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" When a Girl Marries"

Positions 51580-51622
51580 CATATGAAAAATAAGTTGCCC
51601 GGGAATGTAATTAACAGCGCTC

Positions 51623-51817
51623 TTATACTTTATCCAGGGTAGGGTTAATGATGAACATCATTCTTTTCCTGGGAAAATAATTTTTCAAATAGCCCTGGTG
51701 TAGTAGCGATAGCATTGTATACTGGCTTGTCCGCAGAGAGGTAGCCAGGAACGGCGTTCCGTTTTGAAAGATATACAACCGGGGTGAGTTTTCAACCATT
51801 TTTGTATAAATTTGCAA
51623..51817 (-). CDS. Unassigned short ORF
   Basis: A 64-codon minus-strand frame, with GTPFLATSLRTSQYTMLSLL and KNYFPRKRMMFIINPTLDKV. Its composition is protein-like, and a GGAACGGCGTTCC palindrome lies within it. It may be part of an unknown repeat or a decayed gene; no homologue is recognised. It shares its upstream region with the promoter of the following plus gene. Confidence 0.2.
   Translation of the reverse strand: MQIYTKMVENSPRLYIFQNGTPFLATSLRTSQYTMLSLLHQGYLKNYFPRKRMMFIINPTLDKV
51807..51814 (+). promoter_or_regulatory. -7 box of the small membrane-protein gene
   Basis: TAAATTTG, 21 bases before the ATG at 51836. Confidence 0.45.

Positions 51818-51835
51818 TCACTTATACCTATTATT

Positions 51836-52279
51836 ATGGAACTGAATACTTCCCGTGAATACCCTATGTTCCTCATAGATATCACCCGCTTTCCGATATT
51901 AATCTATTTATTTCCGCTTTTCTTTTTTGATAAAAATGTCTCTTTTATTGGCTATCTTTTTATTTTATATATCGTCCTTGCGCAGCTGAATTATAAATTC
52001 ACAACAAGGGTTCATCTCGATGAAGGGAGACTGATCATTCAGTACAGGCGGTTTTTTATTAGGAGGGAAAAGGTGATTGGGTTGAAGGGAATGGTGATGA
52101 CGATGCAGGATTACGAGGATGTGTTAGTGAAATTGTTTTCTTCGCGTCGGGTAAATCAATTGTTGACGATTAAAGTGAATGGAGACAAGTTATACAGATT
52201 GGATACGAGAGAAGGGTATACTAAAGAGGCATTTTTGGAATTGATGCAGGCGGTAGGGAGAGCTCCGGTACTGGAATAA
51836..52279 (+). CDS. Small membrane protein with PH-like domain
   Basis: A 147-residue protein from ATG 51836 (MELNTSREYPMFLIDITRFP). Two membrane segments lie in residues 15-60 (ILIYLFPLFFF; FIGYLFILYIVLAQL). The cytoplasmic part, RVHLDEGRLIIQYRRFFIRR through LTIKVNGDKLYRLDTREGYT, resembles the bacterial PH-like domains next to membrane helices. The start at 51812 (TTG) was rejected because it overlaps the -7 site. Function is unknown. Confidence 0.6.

By AXi' JJSLE A New, Romantic Serial Dealing With the Absorbing Problems of a Girl Wife CHAPTER LXll t At the sound of Jim's voice I Terry took Anthony Norreys by the | shoulders ant fairly shoved him out of the hail door. Tlien he put his lingers to his lips to impose silence and hurried with me to help Jim into the room. My boy had slipped into his gray lounging robo and was hobbling painfully out of the bedroom with the aid of a cane. 1 wondered how much he had heard of Terry's whis pered scheme to aid him. But Terry didn't stop at mere wondering. He took the bull by the horns and pro ceeded to find out. As soon as we'd established Jim on the big couch, Terry plunged into an explanation: "1 stayed for a chat with the Missis, Jimniie and a tine little chat We had. Was it loneliness or i I My Stomach Was Bad; Had Pains Around Heart says Mr. E. Cans. 100 Liberty street, Harridburg. "My stomach was very I bad. I would bloat with gas and the pressure would cause pains aroundj my heart: had sharp knife-like pains j under my ribs and under my shoul- i dor blade. I think it was my liver, j had gripping pain in stomach after j , eating. "My head and throat were full of ! catarrh and I was always liawkina. : 1 would get a swimming in my head I and a dizziness, and felt feverish. I j heard of Sanpan and gave it a trial | and all the above conditions are' gone and I am full of ambition." Sanpan is being introduced at Kel ler's Drug Store, 405 Market street, Harrisburg. ■graiaHßMflßßmßH Garments of Quality wnmmmaMmKmmUßM Eleventh Hour Xmas Shoppers Rarely Get What They Want Buy Now. The Store That Answers Best The Woman's Gift-Problem Women, generally appreciate something in wearing apparel as a gift because of its last ing pleasure and utility. This year, when they have been economizing as a patriotic duty, by making the old things do extra duty, their appreciation of something for personal adornment will be doubly great. This store will help you sslve the problem satisfactorily and economically. A Skirt Gives Her an nfflPlP Extra Change of Costiunc : /K lm In sUk poplin, charmeuse, | taffeta, baronet, in plain and box W * Jhrrf \ \ jjjjjjs pleated models; black, navy, taupe, 0 ' ' Plain' and box. pleated models, in y ' |j two-tone plaids—an unusually smart Khaki Cloth Skirts i.o i $3.05 (Up / Smart models with patch pockets, 4 W/jje/ AIWMIS IP \ [' belt and button trimmings. " nlu/u ° p i.J in i* ci * / Wins Appreciation All Wool Pop m Skirls h. $5.9 D to $/.90r I ".;ssr."A?, ld you* e r; I I O 1 1 Attractive models in navy and black. to pay. Georgette blouses in all f shades and models, $3.95 to $18.95 Crepe de Chine Waists in white, flesh and stripes, $2.95 to s'p.9s White and figured voile Waists, plain and embroid -sred' 95c to $3.95 Satin Waists, in -high and low neck models, flesh and white, $4.95 and $5.95 A Special Purchase of The gift of a df)f) Rath Rohps Heatherbloorn or Silk Petti v - coat will delight the recipient. For Men and Women enables you to answer the gift question at a ma- „ ... 11 onihtxrhl nnm terial saving. Wo bought them at a sacrifice. Of/A. tl Cut IWCItIOOIII Thev will bo sold to you the same way. n If I Men's and Women's Robes of excellent PettlCOatS PettlCOatS quality blanket cloth In Ught and dark shades, and wide assortment of pat- Jersey Silk Petticoats Genuine Heatherbloorn terns, some satin trimmed, others plain. with siik ruffles, petUcoats in a variety $5.00 Robes, $O.OO Robes, $7.50 Robes, $2.05 to $4.95 of sha( j ea $1.59 $3.95 $4.95 • • $5.95 Taffeta Silk Petti- Heatherbloorn pettl sB.oo Robes, $lO Robes ab*e and fleered*"® 6 ' coats, with silk ruffle. $6.95 $7.95 $3.85 to $5.95 many shades $1.95 Ri.v I "I • U ok Buy Bettei rr ladies r 8 10 -12 S. FOURTH ST. FRIDAY EVENING. HATOUSBTmO TELEGRAPH DECEMBER 6, 1918. t jealousy that brought you out so suddenly?" "Terry, you rogue—l'd misdoubt the tine boy's heart and the square soldierly honesty of you us soon as I would the love and loyalty of my Lilac girl here —and that's never!" declared Jim with a smile that was all tender sweetness and had no undercurrent of meaning. Rut it hurt —it hurt cruelly. With a suggestion intended chief ly for me. Terry replied gravely be fore he rushed out to join Nor reys: . "You.'re right, lad; next to your little lady and our Betty there's no one wishes you better than Terry- Winston, as I hope you'll always understand," Then he ran out, banging the door briskly—to relievo his feel | ings no doubt—and Jim. gazing at I the sfcot where his friend had stood stanch and firm in the door way, made a queer comment: " 'Our Betty.' he said. Did you I hear him, Anne? T think he wishes often that lie might say 'my Betty.' I And which of the two is worse haunted by the ghost of Atherton j Bryee. I often wonder. And I won der still more if poor Atherton was worth the sacrifice of two lives?" As he spoke I perched myself precariously on the edge of Jim s I couch. My boy slid his arm from ! under the cover I had thrown over him and drew me close against his heart. I stooped and put my lips to his forehead and then my hand ! found its way into the broad rip ! pies of his dark hair. Neither of us | spoke. The silence seemed to en fold us gently. In the peace of that moment 1 felt anew lw W utterly njy ! Jim and I belonged to /-ach other— "in sickness, in health, for richer, for poorer." A peal at the doorbell brought us back from dreaming. When I threw open the door theer stood Phoebe looking like a shy little wood Bringing Up Father Copyright, 1918, Itfernational News Service BIJ Mcl& well it's I-x - - v/HATt, the j tT'T I MUST HANE *->> f JAMES ~* , / I f THAT I AN\ j /\ ( OH.' 1 FORCOT TO® EOURAM- VJJTH \1 I BEEM MAPPING - j COME HERPt] ( R NOT Di bTURfttO / IQI TELL.TOU*bE - • I J [ U^' L " J nymph tucked out in impudent scarlet and bronze by daring Mother Autumn. "I—l just couldn't wait any longer. I wanted to see Jim, and Virginia said 1 might bring him some grapefruit and this little Del monico steak." she whispered, lin gering on the threshold and wait ing timidly to be asked to cross it. "Come in, kiddie: come over here and kiss your big brother and make him all well!" shouted Jim with surprising vigor. Phoebo pattered over to the couch with a cry of delight: "Why, I thought you were siek!" "The doctor, and even so eminent an authority as your sister, Mrs. Anne Harrison, labored under the same odd impression. But a torn ligament doesn't take toll of an. ex-soldier for long. Phoebe. 1 think if all this scarlet and gold and bronze-brown loveliness would stay and dine with me I'd be well enough jo-morrow to go out and see the rest of tho Autumn in stead of having it brought to me." Phoebe giggled in high delight as the invitation to remain was seconded by "the lady of the house." But I wondered if Jim was uncon scious of the fact that now, of course, Xeal would escort Phoebe | home. X had an idea that all this j delight in each other which Jim J and Phoebe' were showing had j really depths of which neither was j conscious. Wasn't Jim pathetically | eager to bo put in touch with Vir ginia? And wasn't that blinding him to Phoebe's probable desire to see Xeal again? Phoebe insisted on helping me get dinner, and while we worked a new problm assailed me. Terry had said 1 need only keep silent in order to further his scheme — but, as a matter of fact, wouldn't 1 have to coach Xeal for his part in it? With this in view I begged Phoebe in to entertain Jim, about two* seconds after Xeal got into the house, a'hen, hardening my heart to her hurt little glance, 1 turned to Xeal. Rut he spoke lirst: "Anne, have you ever told Jim about my paying you ten a week?" "Xeal, why do you ask that so brutally?" I demanded angrily. "Well, have you? Answer me?" "Xo—there seemed no reason—it LIFE'S PROBLEMS ARE DISC VISED In so many of tlie letters which reach me I tind the same complaint: "I am so tired of it all. I feel as if 1 never COUld go on." And that is natural when one has been struggling with adverse conditions or attempting to solve a problem all at once. But in every one of us exists a reserve force which is generally unsuspected by us, and by drawing on it after strength seems to have gone com pletely one is led often to supreme ac complishment. It is as if accomplish ment were made possible by that quality which is stored up in reserve force. People call this "second wind." A race horse expends liis -strength ap parently in the lirst rush; but his trained and experienced observers know that the thoroughbred lias a i tremendous reserve force and that at the supreme moment he will call up on it and most likely be carried over with flying colors In the tinal dash to victory. We have seen it demonstrated again i and again m this present war. It is the dogged determination to hold on which brings up that reserve force and wins out finally. Men bred to all the soft filings of life have, withput a murmur, accepted conditions they would have denied ability to accept in times of peace. They have worked and planned, achieved and suffered as they never dreamed that they could, using the force Which lies in each of us. and proving, what Professor James asserted some years ago, that we only ( use one-fourth of our brain power: j that We have unsuspected abilities and powers that we never dream of using. Women draw upon this reserve force perhaps more than men, for tliey have shown themselves capable of greater endurance in tests which cause wonder ill those who see its demonstration. Tliey have not the physical force, but they have the greater staying powers. Men use this force when they have I some great stake in the balance. They j will go without sleep and food, or change of clothing until they have! solved their problem, and then, after i a bath, a change of clothes, they will go out unaware that tliey have been under any great strain, and demon strate to a public what they have solv ed under tin- strain. The annals of this war when we get them will show us human nature under severest strains and answering to the whip of command on one's self in results of tremendous significance. And in every instance that very ef fort will have strengthened and de-1 veloped character and made easier the solving of the next problem to arise. 1 know a woman who works at a tremendous strain from 9 to 5. Four j years ago, she says, she never dream- j ed that she had strength to do it. I When she leaves her office she casts j it all aside, goes home, jumps, she i savs, into another personality, j changes her clothes and mental out look and is ready for amusement. She lias won not only professional suc cess, but health of mind and body and —good looks. Yet there are many people who can not cast aside their worries. These | are, wgth them always. They are tlie | problems of the home and family. , The monotonous over-and-over that | wears on the nerves and spirit. But j resignation is deadening to vital force j and there is always some way out. | Sometimes these thieigs are just the, obstacles that will bring from our re- , serve force the rejuvenating essence ; that clears the mental eyes and opens : them to greater visions than we j dreamed of. Did Pershing, plodding over the, dusty roads of Mexico, hunting an elusive bandit, putting up with su-i preme inconvenience a-nd hampered ; by international complications, lose j heart? Did he, when, In the enervat- j ing climate of the Philippines, chas ing rebels In the mountains, repine be cause he was not in Washington in the soft places of the department? | Not a bit of it. He was often drawing i on his reserve force, keeping himself | up to his ideal of a soldier, studying, j spurring, saving his men and storing up the knowledge, the experience! which has enabled him to supplement! with his men our Allies at the most | critical moment: even to urge them thrown into battle before foreign commanders were sure they were ready. He knew his men. Ho had ) been with them—as Americans—in, times of trial. He was as sure'of thetrt mettle as he was of his own. Yet hi never dreamed. I dare say, of such l thing when plodding day after sla' I over the dusty deserts of Mexico, av- j during heat nnd cold, and keeping t himself, evten there, the perfectly a>- I pointed soldier, an example aid | model to his men. Edward Rowland Sill's poem, "#p portunity,' is a fine Inspiration to might have hurt his pride—ilvant- | ed to spare him." "Exactly. Well, Captain wnston left a message with the delator j downstairs for nie to go to se cor- I ner drugstore the minute I came j think the fuss you're makjg over in and phone him. I did; And. I I Winston's splendid schemqto help j Jim without hurting himf-is darn i pretty. And if you ball it ip you're I a jealous piker, even if yf> are my sister. Xow you know what •! think." I swallowed a lump inlay throat and prepared to protest, put before I could say a word the p*one shrill ed out its command. Xeal and 1 stared at/each other for a second. Then mfstening my lips, anil throwing bael my shoul ders in simulation ol oourage, 1 hurried over and laid ny hand on j the doorknob. Phoebe met me in he doorway. "1 answered. It's Virginia—she wants to speak to yof. Anne." Virginia! Her p/ontng meant reconciliation and iapplness for Jim. 1 must be cari'ul to pay the right thing. A bit unsteadily I put the re ceiver to my ear. /tit it was Bet- i ty's voice—not Virjfnia's —that re- j sponded to my gree'ing. To Be t'otinucd any one tempt erf to give up. He tells [ of a battle rughg, of a craven who stood at the e£e of the fray and . grumbled, belitling his sword: "Had I a sworf of keener steel— That blue blad the king's son bears ■ —but till * Blunt thing!" He snapt and flung it from hi/ mind. ! And, lowerin/, crept away and left the rtet. Then came tie king's son, wounded, sore, betead. And and saw the broken j , sword, | Hilt-buried in the dry and trodden sand, , , . And ran aid snatched it, and with battlf shout Lifted afrtfh, lie hewed his enemy , dowr . j And saveda great cause that heroic . da.v. It is wll to remember that back [ of tlie eflfrt we must make to save | ourselves from throwing up the chance tqbe something which oppor ! tunity hp not made plain, lies the unperceiyd design of destiny. He- ; fuse to/conquer adverse circum stances, jnd let one's self be conquer led by tlem then one lias taken the } lirst ste| toward becoming a slacker, | a drlftof. a shirker. PUIM CALLS FOR PRAYERS Ronv, Dec. 6. —Pope Benedict has juddresfrd an encyclical letter to the ' Catholb episcopate throughout tlie j wholeMir id exhorting them to offer i univesal public prayers so that j j X'rovlfcnce may guide the members j of tit approaching peace confer- | ence. Alt Ml FLIER KILLED IN FALL j Mother Field, Sacramento, Cal., < Dec. 6.—Lieutenant Edward Berry | Wall of Orange, X. J„ was killed al- | most instantly liere when an air- j plant in which he was flying alone ] fell it Mills Station, near here. j SHE SUFFERED FIVE YEARS; ! Finally Restored to Health by Lydia E. Pinkham's Vegetable Compound key West, Fla. — "For five years i I (uffered from irregularities, with j I terrible pains iSlllllllllliillilll im ' an awful \mmm weakness in myj utck. The doc iffipqy-a tor gave me dlf 'f® ®sH ferent medicines HI fKii but they did me 1 fig V&flf io good. A friend i f|H asked me to try I|T , .^^BIIIII Lydia E. Pink- ! r> ham's Vegetable I . I'ompound and 1 | jL. ..I 'L found it to t>e the! J ■ best medicine l ever tried be-1 j cause it made me i vitoll, un<i 1 can now do my house-1 work. I am telling my friends about j itp— Mrs. J. M. Camus, 726 Caroline] Si. Ki(y West, Florida. I Many women at some period in | tleir life suffer from ailments pecu liar to their sex and which in most, ctses may be readily relieved by j j this famous root "and herb medicine, | I Lydia E. Pinkham's Vegetable Com-! poind, just as Mrs. Camus /ound it I : hdped her after suffering for years, I and trying everything else in vain, i If you have any annoying symp | iims you fail to understand, write j | li'dia E. . Pinkham Medicine Co., fo-nn. Mass. The results of their ! A&rty years experience in advising j I women on this subject is at your| liervtce. j After Baby's Bath 10,#00 nurses will tell you that nothing , keeps She skin so free from soreness as Sykes Comfort Powder ; | Its extraordinary healing and soothing ; i power is noticeable on first application. ; 25c at the Vlnol and other drug stores . | The Comfort Powder Co., Boston, Masa. j | Gift 1" Lur?T 1 Suggestions ( ~ | Notwithstanding War Conditions v £ I | & Our Stock Is About as Usual Cases | $2.50 to $25 f Steamer, Dress and Wardrobe Trunks $lO.OO to $75.00 Brief Cases, to $l5 Manicure Sets, $1 to $l2. Desk Sets, one dozen different styles, $3.50 to $15.00. Dressing I Cases, Toilet Rolls and Tourist Cases, $2 to $2O. ( Ladies' Hand and Skirt Bags, all colors, sizes and leathers, $l.OO to $20.00. | Guaranteed Regal Umbrellas For Men, Women and Children REGAL UMBRELLA COMPANY Second and Walnut Streets - _ —; SMmiiffiiM Think—Have You Finished Your Christmas Shopping—Your Friends Have. OnO Invest Your | I Christmas Savings j |j f |>g In Good Furniture |j More "camouflaging" is required ty, sell certain questionable lines of fur- g niture than in any other business. Truly high grade Furniture*—the only kinds we sell —when honestly sold IS NOT EXPENSIVE. It is the cheapest in the end, for the pride of its pos-* session and satisfaction of its service are constantly with you long after the g price is forgotten. • g| Gift Furniture Suggestions For the Home Davenports Floor Lamps Windsor Chairs Book Ends Easy Chairs Table Lamps and Rockers Serving Trays j|| and Rockers Dining Suites Cellarettes 'l ea Wagons = § Davenport Tables Bedroom Suites Smokers' Stands Rugs ip Library Tables Cedar Chests Telephone Stands Draoeries Spinet Desks Wardrobes Tilt-Top Tables ' , Consoles Mirror Go-Carts Candlesticks Lniioren s and Tables Bookcases Book Racks l'urniture | A HOLIDAY CURTAIN SPECIAL j Curtains make useful, sensible and practical gifts. Persons who take advantage of this special offering will be making big savings. Lace, Net = |g and Marquisette Curtains in a wonderful selection of dainty and clabo- JS rate designs—worth double the price—very special at only, || $5.00 Pair pl A deposit will reserve any article for later delivery. FREE delivery 'g within 100, miles. H ■ North Market Spuare I